When the consensus opinion on the economic outlook changes, the financial markets respond.  The third quarter’s decline in stocks (down 7% from the July highs) coincided with the consensus view shifting to more rapid growth with no interest rate cuts in sight, versus the previous expectations of a slowdown which would result in rate cuts.  The benchmark ten-year US Treasury is now at 4.7% up from the April low of 3.28% in response to this changing consensus.  The higher interest rates provide more competition for stocks, putting downward pressure on the valuation of the market.  Stocks are still up 13.1% for the first nine months but have declined -3.3% in the third quarter.  The intermediate bond index was down 0.83% in the quarter and has returned 0.65% year-to-date.  Inflation looks to remain elevated due to the tight labor market, and we are hearing more about “stagflation” now occurring in Europe.  (Bob and Scott discuss those topics in separate pieces in this Outlook.)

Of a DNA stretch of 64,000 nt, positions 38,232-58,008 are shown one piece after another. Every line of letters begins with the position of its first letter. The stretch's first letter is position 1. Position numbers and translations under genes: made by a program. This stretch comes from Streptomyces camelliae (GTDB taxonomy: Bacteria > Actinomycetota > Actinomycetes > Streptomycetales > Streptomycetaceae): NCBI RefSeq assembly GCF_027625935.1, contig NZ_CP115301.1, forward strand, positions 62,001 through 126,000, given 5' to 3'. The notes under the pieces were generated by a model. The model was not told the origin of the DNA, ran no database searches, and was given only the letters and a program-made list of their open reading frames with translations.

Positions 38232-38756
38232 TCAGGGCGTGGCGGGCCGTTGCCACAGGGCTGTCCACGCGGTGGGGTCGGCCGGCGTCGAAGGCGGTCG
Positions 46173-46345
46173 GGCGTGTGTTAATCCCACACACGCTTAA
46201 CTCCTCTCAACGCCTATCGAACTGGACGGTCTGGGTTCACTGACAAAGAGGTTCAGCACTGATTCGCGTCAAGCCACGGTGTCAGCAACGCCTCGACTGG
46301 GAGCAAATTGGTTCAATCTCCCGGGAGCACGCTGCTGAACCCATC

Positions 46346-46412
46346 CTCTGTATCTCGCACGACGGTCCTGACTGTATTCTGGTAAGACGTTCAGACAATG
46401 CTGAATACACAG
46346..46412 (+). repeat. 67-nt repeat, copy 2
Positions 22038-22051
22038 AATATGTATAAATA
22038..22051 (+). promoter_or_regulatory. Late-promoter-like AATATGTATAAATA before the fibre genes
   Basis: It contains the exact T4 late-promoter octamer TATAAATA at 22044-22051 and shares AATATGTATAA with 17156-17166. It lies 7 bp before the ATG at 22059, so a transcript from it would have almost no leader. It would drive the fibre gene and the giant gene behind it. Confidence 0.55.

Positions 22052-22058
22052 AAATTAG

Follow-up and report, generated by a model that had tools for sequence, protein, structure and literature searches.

In the fourth quarter, we should find out how responsive the consumer is to higher interest rates.  Some of us older folks think interest rates are now back to normal, but the younger population have never seen them this high. If consumers rein in spending, then expectations both for inflation and growth could change and stock prices could respond positively.  Being eternal optimists, we think there is a slight ray of hope a new leader might emerge in next year’s election who could tame the Federal deficits.  The geo-political scene has the potential for many surprises.  Perhaps the failed policies of Putin and Xi Jinping result in one or both being replaced.  Whatever happens, owning stocks in a diversified portfolio of strong companies, which make products people need and keep buying, is the best way to protect your wealth from inflation.  Also, having a portion of your wealth in safe, short-term bonds is the best way to sleep at night during volatile markets.